As he looked at the streets below him, the poor boy began to weep. Why couldn't his master let him be among the people of Paris, even just for twenty-four hours? Frollo said that the people down there were bad, but surely that can't be true for everyone, right? He was just so lonely up here and tired of it. He'll do anything to be down there.
"Awe, don't cry, Quasimodo." He heard a voice. He looked around to see who was talking to him. But no one was up here. It was just him and three gargoyles. He began to cry again. "Someday, it'll be alright." He looked again. Again, it was just him and the three gargoyles. "Someday you'll be down there too."
"H-hello?" The little boy asked. "W-who's t-there?"
"Why it's us, silly boy." Quasimodo gasped as the three gargoyles came to life right before his eyes. "Laverne, Hugo, and Victor." It was Laverne who was talking. "You talk to us every single day."
"Y-you're all a-alive and t-talking to me."
"Well, of course we're alive and talking, kid." Hugo responded. "We always could do those things. Did you think we were all just inanimate, boring gargoyles, doing those things in your head?"
"Well, hate to break it to you, but you're wrong on that one."
"W-why hadn't y-you t-talked to me b-before?"
"Because we didn't feel like you needed us." Laverne explained.
"And since we see you are sad and weepy," Victor continued. "We feel it would be wrong just to sit there, watching you without comforting you in your time of need. Were we wrong?" The disabled child shook his head.
"No, y-you weren't." Victor smiled.
"Good." Quasimodo frowned again and once again looked down below.
"You said s-someday it'll be al-alright. S-someday I can b-be down there. W-when is s-someday?"
"Someday is someday, kid." Hugo stated. Quasimodo was confused.
"What is there to be so confused about? It's simple. Someday could be tomorrow, next week, a year from now, heck, it might even be ten years."
"Master said that the p-people are bad down there and that t-the world is c-cruel."
"Sadly, yes." Victor agreed. "Being the first gargoyles when this cathedral was first being built over three centuries ago, you really see things. Nasty, horrible, unspeakable things that we wish didn't happen."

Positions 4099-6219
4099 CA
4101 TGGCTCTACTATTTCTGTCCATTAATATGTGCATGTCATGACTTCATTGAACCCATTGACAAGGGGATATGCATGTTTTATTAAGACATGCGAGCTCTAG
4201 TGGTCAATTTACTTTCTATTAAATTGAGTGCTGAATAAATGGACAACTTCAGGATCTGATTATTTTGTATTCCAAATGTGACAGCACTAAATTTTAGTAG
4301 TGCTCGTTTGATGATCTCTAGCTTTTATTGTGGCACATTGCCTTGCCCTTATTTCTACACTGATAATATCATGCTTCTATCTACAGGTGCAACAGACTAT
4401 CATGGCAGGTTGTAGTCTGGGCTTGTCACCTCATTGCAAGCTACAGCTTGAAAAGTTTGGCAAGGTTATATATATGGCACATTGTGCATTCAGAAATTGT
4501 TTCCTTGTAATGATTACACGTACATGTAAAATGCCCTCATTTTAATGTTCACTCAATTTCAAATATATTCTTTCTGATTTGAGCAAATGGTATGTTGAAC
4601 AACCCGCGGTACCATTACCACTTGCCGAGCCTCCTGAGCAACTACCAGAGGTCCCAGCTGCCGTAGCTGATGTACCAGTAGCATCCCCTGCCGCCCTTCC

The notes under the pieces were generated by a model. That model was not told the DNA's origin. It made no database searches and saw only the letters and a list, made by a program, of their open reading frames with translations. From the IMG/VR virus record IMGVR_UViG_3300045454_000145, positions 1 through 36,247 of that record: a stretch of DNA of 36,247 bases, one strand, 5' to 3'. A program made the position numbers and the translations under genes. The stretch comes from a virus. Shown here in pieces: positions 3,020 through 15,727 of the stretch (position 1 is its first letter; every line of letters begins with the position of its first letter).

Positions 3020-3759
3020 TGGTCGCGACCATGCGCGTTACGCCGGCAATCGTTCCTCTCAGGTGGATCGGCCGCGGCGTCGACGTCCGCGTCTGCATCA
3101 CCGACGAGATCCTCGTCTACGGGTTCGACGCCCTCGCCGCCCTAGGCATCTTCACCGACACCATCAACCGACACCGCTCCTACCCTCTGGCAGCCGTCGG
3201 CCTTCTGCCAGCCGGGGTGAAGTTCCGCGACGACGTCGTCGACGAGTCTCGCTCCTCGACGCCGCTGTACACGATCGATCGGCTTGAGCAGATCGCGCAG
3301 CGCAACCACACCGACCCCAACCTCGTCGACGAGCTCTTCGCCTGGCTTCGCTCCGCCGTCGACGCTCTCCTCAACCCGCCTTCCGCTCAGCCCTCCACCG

"But the world is also filled with good, sensible people as well." Laverne put in.
"S-sensible enough to a-accept me for w-who I am, and not a m-monster?"
"Yes." Laverne stated. "Because you're not a monster."
"M-master says I a-am."
"Well, you're not to us." The deformed kid smiled.
"If you were my i-imagination, l imagine y-you saying that."
"Your imagination is correct then." Hugo put in. "Imagination is a powerful thing to have. You can go anywhere, do anything, be anybody you want to be. Don't lose it."
"I-I'll try n-not to." Quasimodo then frowned. Laverne noticed this.
"What is it?" She asked.
"Master hates i-imagination. Said it's stu-stupid and that it rots m-my brain."
"What does he know?" Hugo asked. "Don't listen to him. He doesn't know anything." Quasimodo was shocked to hear this.
"B-But he's m-my master. I have to listen to him no m-matter w-what."
"You have to be a rebel sometimes, kid. Live by your own rules. And if I can be completely honest with you, I don't think what he's doing to you is right. I think deep down he's an awful guy. There's something about him that is off putting to me." Quasimodo gasped.
"Y-You're wr-wrong. He's b-been nice to me. Surely, it's not wh-what I expected. I trust him." Hugo shrugged.
"Okay. Whatever you say."
"But at the end of the day," Laverne began. "If you're feeling lonely and sad and need companionship, we'll be here for you." Quasimodo smiled.